Research

Thomas Serena's picture
Clinical Research

by Thomas E. Serena, MD, FACS, FACHM, FAPWCA

I have conducted numerous unblinded clinical trials, mostly evaluating cellular or tissue-based Products (CTPs). These trials do not easily lend themselves to blinding. However, when I slated this topic with the title “Unblinding the Blind" for my Association for the Advancement of Wound Care lecture track at next year’s spring Symposium on Advanced Wound Care, the organizers removed it and cited the lecture’s controversial nature. I thought that scientific research was the last frontier of free-wheeling discourse in the private sector, but here lurks the most challenging aspect of contemporary research in wound care: we woundologists do not demand increasing rigor in our trials. Outside of hyperbaric oxygen (HBOT) studies, we have not critically evaluated trial results.

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Margaret Heale's picture
Wound Research Data Review Including Outliers

by Margaret Heale RN, MSc, CWOCN

When looking at randomized controlled trials one of the first things you read is a one liner, "subjects were matched," and there may be a list that includes stage of pressure injury, size of wound, age, sex, and a myriad of other things somebody decided to include. There may also be exclusion criteria such as uncontrolled blood sugar, obesity, and being over 60 years old. It makes sense to do this, and there is no doubt that once you have got homogenous groups and compare the outcome of one with another, after whatever intervention you wish to discover the worth of, the result may look gratifyingly convincing.

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Janet Wolfson's picture
new research in the field of lymphedema management

by Janet Wolfson, PT, CLWT, CWS, CLT-LANA

At the beginning of September, I attended the National Lymphedema Network International Conference in Dallas, TX. As with most conferences it was chock-full of new research, meet-ups with former colleagues, vendors with wonderful new and upgraded products, and clinical topics to improve direct care. Continue reading for some highlights that can improve care in your wound clinic for venous disease patients, as well as lymphedema and lipedema patients. Preoperative awareness of lymphedema was also highlighted at the conference.

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Industry News's picture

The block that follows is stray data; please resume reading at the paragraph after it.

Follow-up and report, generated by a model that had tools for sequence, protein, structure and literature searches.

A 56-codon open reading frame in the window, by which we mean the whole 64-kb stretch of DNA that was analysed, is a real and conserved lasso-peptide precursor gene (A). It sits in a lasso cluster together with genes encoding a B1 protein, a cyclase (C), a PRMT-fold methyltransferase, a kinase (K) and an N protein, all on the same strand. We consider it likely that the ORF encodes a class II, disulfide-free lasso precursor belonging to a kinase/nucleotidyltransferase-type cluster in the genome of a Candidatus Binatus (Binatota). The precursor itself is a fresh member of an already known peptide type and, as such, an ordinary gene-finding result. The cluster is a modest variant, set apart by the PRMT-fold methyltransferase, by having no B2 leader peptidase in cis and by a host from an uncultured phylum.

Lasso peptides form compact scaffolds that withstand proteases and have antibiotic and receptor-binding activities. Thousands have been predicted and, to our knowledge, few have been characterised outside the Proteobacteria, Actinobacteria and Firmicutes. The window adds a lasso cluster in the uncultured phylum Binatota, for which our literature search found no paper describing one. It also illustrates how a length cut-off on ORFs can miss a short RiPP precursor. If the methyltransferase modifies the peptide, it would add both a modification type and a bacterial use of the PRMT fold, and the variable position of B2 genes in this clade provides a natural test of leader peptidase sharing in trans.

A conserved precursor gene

Providence, RI – August 19, 2016 – The Wound Healing Foundation (WHF), through the support of Medline Industries, is pleased to announce the creation of a new grant, the WHF Hyaluronic Acid Wound Healing Research Grant for the year 2016. This one-year $15,000 research grant is to stimulate research about hyaluronic acid in wound healing. Study proposals may include in vitro, in vivo, and/or clinical based studies. Interested candidates meeting the grant requirements should submit their proposals by September 19, 2016.

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Michel Hermans's picture
journal article review

by Michel H.E. Hermans, MD

The first time you see your name published as the lead author of an article you are filled with pride. If an article is rejected you are filled with frustration.

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Mary Ellen Posthauer's picture

by Mary Ellen Posthauer RDN, CD, LD, FAND

I was fascinated by the incredible amount of money that was donated to various organizations on December 2nd – the day declared as a National Day of Giving. This movement started in 2012 by the 92nd Street Y and the United Nations Foundation as a response to the commercialization of Black Friday and Cyber Monday.

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Aletha Tippett MD's picture

by Aletha Tippett MD

Naltrexone is an opioid antagonist originally approved by the FDA in the early 1980s for the treatment of heroin addiction. The high dose of 50mg was used, but caused people to become too sick with withdrawal effects, thus falling out of use as few people would take it. What has since been developed in 1986 is low dose naltrexone (LDN), in the 1.5 to 4.5mg range. This low dose has demonstrated some benefit in helping with autoimmune disease. There have been few published studies of limited research showing remarkable results with multiple sclerosis, scleroderma, Crohn's, HIV, fibromyalgia and Parkinson's disease.

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Michel Hermans's picture

by Michel H.E. Hermans, MD

Merriam Webster defines bias as "selecting or encouraging one outcome or answer over others." The Cochrane handbook states: "The reliability of the results of a randomized trial depends on the extent to which potential sources of bias have been avoided."

When designing a trial or even animal research, avoiding bias is difficult. In fact, it may be introduced unknowingly or deliberately.

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Ron Sherman's picture

by Ron Sherman MD, MSC, DTM&H

My contribution to this column is very much overdue. Among other things, I have spent much of my time this past 12 months preparing to write my first "systematic review." The experience has been both illuminating and frustrating, and I am now feeling both respect for the art, and grief over its gross inadequacies.

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